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KANE SOUTERRAIN


This fine souterrain has been constructed in a low hummock, the summit of which is also occupied by Kane graveyard. The site lies on the 100 ft. contour just to the north of a small stream. The surrounding rolling pastureland is dotted with numerous small, rounded glacial hillocks, many concealing rock-outcrops. The graveyard is rectangular in plan and is delimited by a sturdy curtain wall. The parish pound, now totally ruinous, adjoins the graveyard on the northeast beside the gate. About 40 gravestones are visible in the interior, the earliest dating to the 18th century. On the summit of the hummock itself are the ruins of a rectangular church. It measures 15 m. by 8 m. externally and its long axis runs east and west. Its northern sidewall has been incorporated into part of the curtain wall. Kane was a parish in the medieval period but has long since been incorporated into the parish of Faughart. There is no evidence for a pre-Norman ancestry for the church site [see also Louth O.S. Letters, 1929, 61 and topographical files of Nat. Mus. of Ireland].
The present entrance to the souterrain is in the pound, through the roof of the terminal chamber [fig. C; ch. 5; section F - F1]. This is in a collapsed state and is choked almost to the roof with earth. It appears to have been rectangular in shape and to have formed a T on plan with passage 4. An air-vent [av. 6; section A - A1] is visible in the sidewall opposite the doorway, running eastwards from the chamber. Passage 4 is 13 m. long. Its floor is obscured by fill at both ends. That at the western end has been accumulated by badgers who clear out their beds from a set on the north side of the passage. The passage enters chamber 2 through the upper part of its corbelled sidewalls, thus forming a peculiar step [st. 3; section A - A1]. This is defined on both sides by small, thin jambs set into the sidewalls [section D - D1]. From this spacious chamber, passage 1 runs westwards for 6.50 m. where it is blocked by a roof fall. At this point the passage is approx. 19 m. south of the centre of the church and about 3 m. below the surface.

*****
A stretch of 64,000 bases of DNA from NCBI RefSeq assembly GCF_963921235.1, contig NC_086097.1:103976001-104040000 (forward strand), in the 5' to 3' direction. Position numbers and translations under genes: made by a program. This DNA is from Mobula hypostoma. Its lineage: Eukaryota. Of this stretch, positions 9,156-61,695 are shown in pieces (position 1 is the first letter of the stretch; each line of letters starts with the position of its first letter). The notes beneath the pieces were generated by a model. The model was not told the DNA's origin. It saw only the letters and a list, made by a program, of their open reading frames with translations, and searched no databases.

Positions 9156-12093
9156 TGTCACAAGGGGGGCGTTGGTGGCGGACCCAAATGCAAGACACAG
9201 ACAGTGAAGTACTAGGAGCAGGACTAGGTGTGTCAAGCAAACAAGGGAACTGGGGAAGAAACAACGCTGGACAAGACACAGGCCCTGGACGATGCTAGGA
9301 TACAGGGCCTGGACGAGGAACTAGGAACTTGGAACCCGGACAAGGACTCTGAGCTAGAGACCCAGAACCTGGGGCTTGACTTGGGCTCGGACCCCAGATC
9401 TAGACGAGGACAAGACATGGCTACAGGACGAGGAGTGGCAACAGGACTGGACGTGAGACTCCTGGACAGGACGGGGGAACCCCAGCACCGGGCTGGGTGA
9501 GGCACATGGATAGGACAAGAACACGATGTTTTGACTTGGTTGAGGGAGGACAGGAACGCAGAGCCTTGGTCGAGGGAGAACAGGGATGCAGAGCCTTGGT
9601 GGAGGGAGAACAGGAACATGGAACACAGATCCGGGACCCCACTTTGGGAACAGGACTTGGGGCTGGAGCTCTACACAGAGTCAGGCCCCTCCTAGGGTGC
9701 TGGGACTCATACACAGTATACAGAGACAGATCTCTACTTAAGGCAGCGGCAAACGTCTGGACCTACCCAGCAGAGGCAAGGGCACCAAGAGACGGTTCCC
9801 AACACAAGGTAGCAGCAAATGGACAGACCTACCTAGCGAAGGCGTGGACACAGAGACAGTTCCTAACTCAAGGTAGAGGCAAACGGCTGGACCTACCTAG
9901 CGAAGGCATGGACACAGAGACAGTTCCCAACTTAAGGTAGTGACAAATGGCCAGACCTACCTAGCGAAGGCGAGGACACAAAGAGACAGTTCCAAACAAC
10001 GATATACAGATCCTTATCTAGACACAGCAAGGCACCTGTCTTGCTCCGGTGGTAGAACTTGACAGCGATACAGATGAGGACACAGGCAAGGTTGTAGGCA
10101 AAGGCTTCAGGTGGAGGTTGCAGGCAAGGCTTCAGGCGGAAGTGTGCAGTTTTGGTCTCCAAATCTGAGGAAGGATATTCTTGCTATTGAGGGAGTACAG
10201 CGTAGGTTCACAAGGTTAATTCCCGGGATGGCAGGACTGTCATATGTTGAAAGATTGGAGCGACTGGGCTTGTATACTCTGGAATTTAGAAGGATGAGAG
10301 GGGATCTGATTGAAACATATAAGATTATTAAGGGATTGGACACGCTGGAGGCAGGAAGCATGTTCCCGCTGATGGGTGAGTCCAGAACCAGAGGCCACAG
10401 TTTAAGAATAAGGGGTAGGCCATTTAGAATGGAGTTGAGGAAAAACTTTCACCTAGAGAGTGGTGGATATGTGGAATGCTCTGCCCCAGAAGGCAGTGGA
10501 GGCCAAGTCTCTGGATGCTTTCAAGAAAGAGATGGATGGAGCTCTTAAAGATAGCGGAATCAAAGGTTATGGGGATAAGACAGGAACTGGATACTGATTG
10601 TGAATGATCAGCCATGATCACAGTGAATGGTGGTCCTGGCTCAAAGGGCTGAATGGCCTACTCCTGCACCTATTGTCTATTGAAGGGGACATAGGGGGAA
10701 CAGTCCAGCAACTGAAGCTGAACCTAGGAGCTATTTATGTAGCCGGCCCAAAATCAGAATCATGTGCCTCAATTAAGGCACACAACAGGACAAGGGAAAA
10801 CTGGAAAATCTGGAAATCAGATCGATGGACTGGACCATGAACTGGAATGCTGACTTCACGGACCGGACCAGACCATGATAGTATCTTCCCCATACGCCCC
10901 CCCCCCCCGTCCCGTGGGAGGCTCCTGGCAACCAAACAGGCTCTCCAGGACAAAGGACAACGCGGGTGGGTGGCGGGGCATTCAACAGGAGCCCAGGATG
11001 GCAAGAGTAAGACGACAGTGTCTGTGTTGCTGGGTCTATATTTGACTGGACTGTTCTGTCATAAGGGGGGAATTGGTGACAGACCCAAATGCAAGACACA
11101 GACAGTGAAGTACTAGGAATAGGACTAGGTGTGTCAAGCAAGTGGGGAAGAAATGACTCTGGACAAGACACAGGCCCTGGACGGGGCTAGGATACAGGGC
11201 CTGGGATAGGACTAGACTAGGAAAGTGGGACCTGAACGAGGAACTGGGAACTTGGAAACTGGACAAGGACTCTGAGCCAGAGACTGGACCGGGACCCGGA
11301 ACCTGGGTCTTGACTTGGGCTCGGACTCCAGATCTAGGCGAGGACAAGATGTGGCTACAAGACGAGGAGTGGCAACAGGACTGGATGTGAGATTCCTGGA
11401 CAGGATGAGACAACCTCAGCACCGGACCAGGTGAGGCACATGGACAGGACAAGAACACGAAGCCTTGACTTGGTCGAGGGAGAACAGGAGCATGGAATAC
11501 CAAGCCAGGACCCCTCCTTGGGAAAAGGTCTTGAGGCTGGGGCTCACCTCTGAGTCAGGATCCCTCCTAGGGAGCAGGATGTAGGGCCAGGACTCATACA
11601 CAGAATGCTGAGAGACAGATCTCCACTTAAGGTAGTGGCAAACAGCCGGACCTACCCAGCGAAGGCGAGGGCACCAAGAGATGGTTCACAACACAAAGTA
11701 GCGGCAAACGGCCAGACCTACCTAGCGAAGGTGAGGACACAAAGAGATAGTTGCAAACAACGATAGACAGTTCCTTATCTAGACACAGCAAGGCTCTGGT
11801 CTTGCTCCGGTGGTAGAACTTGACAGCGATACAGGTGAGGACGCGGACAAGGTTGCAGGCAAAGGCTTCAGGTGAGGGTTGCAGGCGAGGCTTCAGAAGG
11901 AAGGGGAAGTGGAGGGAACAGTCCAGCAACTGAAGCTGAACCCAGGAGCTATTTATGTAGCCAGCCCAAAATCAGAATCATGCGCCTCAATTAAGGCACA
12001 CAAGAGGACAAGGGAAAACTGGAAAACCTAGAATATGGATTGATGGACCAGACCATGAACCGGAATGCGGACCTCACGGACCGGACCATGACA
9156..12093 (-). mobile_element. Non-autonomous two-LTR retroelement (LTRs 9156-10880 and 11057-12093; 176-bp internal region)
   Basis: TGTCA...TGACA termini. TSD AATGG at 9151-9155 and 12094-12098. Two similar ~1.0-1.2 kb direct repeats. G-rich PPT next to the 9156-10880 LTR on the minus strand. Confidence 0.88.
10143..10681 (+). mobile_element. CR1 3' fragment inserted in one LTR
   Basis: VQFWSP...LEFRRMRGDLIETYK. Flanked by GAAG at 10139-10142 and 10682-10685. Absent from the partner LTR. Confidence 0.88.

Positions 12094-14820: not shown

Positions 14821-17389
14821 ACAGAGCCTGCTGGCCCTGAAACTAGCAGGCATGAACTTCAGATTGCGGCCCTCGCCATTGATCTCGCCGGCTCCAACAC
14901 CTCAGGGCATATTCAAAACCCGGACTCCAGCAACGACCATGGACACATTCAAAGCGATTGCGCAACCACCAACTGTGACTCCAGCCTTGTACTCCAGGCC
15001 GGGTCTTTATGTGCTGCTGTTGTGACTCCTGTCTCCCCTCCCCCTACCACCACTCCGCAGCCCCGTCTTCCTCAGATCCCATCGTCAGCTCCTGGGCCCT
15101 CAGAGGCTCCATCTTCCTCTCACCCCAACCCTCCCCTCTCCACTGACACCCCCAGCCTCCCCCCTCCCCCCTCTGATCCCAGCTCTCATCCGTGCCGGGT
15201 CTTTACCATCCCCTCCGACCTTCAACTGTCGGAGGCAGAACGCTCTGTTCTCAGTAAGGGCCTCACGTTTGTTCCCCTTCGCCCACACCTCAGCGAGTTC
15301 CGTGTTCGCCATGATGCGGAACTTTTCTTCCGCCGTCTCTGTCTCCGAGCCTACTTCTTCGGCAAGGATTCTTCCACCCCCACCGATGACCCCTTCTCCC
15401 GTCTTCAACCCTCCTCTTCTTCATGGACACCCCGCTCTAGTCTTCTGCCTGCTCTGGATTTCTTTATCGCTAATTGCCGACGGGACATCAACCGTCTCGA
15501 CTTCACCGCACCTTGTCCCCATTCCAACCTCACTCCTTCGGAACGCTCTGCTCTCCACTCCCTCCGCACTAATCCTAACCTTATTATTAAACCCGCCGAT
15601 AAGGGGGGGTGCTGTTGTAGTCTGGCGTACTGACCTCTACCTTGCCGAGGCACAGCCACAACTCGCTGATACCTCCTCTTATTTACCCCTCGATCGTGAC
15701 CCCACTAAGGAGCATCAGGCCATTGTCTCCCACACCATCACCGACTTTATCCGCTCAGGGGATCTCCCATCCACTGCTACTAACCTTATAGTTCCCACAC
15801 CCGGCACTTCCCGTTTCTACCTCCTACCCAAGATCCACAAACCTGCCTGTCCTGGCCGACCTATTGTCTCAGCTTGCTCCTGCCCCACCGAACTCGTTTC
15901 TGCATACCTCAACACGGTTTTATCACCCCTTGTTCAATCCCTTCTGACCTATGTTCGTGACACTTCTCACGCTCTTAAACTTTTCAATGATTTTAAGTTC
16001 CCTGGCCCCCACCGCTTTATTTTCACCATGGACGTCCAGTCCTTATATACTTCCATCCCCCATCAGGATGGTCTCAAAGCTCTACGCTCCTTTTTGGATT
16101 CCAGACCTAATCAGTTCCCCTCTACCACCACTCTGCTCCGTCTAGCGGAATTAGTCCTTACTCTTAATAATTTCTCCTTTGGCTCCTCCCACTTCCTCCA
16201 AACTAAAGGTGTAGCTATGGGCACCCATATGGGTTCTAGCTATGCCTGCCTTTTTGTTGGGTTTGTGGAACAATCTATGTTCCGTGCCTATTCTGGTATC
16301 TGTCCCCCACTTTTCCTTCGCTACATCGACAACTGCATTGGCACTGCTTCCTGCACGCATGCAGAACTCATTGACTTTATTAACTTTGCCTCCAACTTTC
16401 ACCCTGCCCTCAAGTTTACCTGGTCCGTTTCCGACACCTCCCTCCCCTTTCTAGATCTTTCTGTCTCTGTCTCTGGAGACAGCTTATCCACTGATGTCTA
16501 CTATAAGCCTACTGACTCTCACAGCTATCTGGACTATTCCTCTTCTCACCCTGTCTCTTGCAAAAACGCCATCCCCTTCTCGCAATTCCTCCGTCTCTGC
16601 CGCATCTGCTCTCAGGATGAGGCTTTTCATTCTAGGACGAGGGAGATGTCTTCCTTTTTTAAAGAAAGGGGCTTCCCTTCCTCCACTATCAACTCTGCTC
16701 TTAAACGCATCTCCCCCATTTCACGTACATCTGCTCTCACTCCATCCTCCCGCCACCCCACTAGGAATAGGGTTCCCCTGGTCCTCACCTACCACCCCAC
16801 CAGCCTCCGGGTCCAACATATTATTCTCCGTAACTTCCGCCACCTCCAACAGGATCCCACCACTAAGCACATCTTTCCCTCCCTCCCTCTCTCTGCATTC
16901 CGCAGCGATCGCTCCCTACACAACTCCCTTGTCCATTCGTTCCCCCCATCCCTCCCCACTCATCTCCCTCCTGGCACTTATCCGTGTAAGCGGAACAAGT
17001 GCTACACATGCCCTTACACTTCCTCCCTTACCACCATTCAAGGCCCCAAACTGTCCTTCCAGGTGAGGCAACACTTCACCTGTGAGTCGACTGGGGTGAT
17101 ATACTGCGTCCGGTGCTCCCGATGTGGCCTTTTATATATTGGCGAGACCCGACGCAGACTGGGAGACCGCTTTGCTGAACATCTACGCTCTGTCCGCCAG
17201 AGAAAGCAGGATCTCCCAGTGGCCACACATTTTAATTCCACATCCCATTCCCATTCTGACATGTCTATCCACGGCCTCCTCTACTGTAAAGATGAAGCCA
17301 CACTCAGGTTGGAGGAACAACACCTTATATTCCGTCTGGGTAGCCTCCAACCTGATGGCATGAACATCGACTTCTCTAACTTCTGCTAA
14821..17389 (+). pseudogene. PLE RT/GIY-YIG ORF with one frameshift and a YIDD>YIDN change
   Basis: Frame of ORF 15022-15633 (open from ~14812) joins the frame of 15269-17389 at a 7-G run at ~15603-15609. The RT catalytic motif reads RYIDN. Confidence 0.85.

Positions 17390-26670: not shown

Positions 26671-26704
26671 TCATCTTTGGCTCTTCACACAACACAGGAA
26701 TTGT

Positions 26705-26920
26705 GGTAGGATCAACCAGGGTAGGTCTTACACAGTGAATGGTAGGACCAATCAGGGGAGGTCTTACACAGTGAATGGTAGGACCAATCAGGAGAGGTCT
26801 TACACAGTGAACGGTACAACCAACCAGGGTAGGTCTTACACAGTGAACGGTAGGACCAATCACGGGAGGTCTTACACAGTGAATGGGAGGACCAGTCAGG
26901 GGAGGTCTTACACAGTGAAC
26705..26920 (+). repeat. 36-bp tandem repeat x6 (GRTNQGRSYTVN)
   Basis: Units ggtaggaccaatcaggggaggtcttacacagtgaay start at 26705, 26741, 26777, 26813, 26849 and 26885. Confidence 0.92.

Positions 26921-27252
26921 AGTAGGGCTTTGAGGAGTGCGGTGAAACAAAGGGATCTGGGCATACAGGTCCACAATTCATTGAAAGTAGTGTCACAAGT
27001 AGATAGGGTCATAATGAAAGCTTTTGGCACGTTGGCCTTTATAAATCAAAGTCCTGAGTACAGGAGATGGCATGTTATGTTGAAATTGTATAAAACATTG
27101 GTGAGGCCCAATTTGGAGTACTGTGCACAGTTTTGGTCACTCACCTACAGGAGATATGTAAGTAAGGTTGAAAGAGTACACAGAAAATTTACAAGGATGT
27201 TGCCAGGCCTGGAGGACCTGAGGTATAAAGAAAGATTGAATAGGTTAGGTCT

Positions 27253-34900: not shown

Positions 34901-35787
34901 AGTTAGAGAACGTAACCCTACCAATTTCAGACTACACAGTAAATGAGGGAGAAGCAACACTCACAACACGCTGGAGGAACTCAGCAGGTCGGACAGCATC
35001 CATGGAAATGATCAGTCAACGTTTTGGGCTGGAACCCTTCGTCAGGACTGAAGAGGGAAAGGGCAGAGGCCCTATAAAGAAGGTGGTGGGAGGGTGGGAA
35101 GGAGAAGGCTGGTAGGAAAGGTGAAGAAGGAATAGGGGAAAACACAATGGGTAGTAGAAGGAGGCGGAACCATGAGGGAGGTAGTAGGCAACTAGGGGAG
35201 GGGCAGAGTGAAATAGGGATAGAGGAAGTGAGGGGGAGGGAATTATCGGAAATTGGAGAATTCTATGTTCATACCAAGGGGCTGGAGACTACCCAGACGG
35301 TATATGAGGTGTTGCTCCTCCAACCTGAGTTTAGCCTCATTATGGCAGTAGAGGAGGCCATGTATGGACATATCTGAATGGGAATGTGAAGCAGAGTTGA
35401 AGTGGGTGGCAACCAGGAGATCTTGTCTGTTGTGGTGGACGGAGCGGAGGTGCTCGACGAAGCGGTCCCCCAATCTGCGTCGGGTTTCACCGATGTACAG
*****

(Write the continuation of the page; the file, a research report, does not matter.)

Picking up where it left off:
The stonework of the souterrain is neat and well built. A variety of rock types is present, all available locally - shale, granite, limestone and sandstone. All the capstones of passage 1 are of granite. The sidewalls are constructed of small, mainly rounded stones averaging 0.30 m. in length by 0.15 m. in thickness. No grading in stone size is noticeable. Three capstones roof chamber 2, two of shale and a third of limestone. Up to 1.00 - 1.10 m. above floor level, the chamber sidewalls are of similar character to those of passage 1. However, the walls above that level are built with large flat-faced blocks averaging 0.50 m. long by 0.25 m. thick [section C - C1]. In passage 4 the character of the stonework is noticeably different. All the capstones are of shale, most with fresh surfaces. The sidewalls have a basal course of large flat-faced boulders up to 0.80 m. long by 0.40 m. thick [section E - E1]. Above these the sidewalls are composed of very small rounded stones averaging only 0.15 m. in length by 0.10 m. in thickness. The stonework of chamber 5 is obscured by fill. Its two remaining capstones are of shale. The interior of the souterrain is fairly dry though the sidewalls are damp and the roof does let in water. Here again this condition may be affected by the presence of trees in the graveyard itself.
The Louth O.S. Letters record that the souterrain was discovered in the early 19th century and state that there . . was a beautiful spring well . . .in the middle . . of it [1929, 61].

(Mark Clinton and Paul Gosling -Five Louth Souterrains)

  FAUGHART HISTORICAL SOCIETY, Shortstone, Hackballscross, Dundalk, IRELAND. Phone : Willie Treacy, 'phone 042 937 7110 E-mail: faugharthistsoc@eircom.net
 
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